After my manic episode, it took years of sitting on the sofa feeling sorry for myself. I felt somber and sad all day long. I would not move from the couch. One day when the hurt was too much, I thought, my life would never change and attempted suicide, by pushing pills down my throat. The next thing I know I was being transported to the hospital.

NationalAllianceofMentalIllness-MwatiMwilaAuthorBut after years of multiple hospitalizations, and being tired of feeling sorry for myself, I decided to take action. I got tired of seeing the world move while I sat there motionless. I started to research more on bipolar, the symptoms, medication management, and I started attending NAMI (National Alliance on Mental Illness) support groups. I talk about this in my book Strengthening Your Identity While the Shadow Is in Front of You, available on Amazon and on this website at this link. I found out that my life doesn’t have to be the way it was, that lots of people suffer from bipolar, and many are managing it and living happy lives. I started to research how to live and manage the illness.

We all deserve to live…

Throughout the years, I have learned that I deserve to live. I deserve a second chance. I learned this after my last suicidal attempt in 2016. In August of 2016, I decided to attempt to end my life for the third time by taking pills. I decided it would be the end of my 31 years of living on this earth, I would have to abandon my family and friends, I didn’t even think twice. The thing about suicidal thoughts is that the pain overrides any rational thinking, it’s like you can’t think of anything else but wanting to die. You only think about the hurt that consumes you. I looked in the mirror and started taking the pills. I started to feel tired, lethargic and nauseous. The next thing I knew, I woke up in the hospital bed with cords hooked up to me. At first, I thought to myself, I made it. But it wasn’t my time; someone, God or the universe still wanted me here on earth.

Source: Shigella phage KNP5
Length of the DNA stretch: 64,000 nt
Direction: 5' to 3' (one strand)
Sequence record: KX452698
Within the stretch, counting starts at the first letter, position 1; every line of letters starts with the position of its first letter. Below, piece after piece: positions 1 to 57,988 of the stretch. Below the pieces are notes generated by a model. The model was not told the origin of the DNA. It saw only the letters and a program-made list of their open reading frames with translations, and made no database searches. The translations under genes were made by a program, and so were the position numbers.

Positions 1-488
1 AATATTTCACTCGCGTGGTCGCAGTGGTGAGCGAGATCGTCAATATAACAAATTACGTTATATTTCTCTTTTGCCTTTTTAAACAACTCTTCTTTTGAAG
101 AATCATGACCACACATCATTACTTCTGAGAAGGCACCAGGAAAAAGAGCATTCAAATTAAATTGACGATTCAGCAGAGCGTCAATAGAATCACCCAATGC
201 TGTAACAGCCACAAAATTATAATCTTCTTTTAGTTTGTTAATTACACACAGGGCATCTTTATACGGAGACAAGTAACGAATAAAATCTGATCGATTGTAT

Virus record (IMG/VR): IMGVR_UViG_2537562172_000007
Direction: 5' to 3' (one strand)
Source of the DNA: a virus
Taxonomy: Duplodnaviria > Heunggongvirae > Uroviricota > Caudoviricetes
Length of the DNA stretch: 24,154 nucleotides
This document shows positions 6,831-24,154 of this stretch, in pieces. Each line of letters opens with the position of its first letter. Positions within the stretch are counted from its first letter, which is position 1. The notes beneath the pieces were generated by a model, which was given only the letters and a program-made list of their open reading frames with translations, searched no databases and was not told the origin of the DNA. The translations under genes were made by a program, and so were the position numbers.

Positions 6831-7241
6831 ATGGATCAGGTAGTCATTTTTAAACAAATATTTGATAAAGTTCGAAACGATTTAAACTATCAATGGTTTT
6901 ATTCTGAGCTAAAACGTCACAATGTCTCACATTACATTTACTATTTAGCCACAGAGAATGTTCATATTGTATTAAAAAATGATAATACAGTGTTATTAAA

TrustGod-MwatiMwilaAuthorAt that point, I had an epiphany, I thought to myself, “Let me do what my mom has been doing, let me try God.” She told me that God had saved her from so many negative events in her life. So I tried trusting God for help. I decided to turn to someone else for assistance with my life. I began reading the word, and as I stated earlier I joined bipolar support groups, listening to others; doctors, natural paths, and other survivors for answers, healing and comfort. Reading inspirational books and the Bible, and then the truth began to speak to me, literally like off the page. For example, as I am typing this blog right now and I hear about this verse on TV from the bible that speaks volumes, “for God has not given us a spirit of fear, but of power and of love and of a sound mind.” (Bible: New King James Version 2 Timothy 1:7). This verse has so many meanings, it’s one of the strongest verses. One meaning that sticks out to me most is that, you are born with a sound mind. God, the universe has granted you that. You don’t have to fear. He has equipped you with the tools you need to fight. The power of my divine faith is what has saved me. I know that something greater than myself is the reason I am still breathing today. That reason alone, is enough to humble me, and know that we are all worthy to live here on earth. You must hold on to that word, the inspiration, and the person that you are living for.

One thing I know for sure is that, I had to adjust my lifestyle…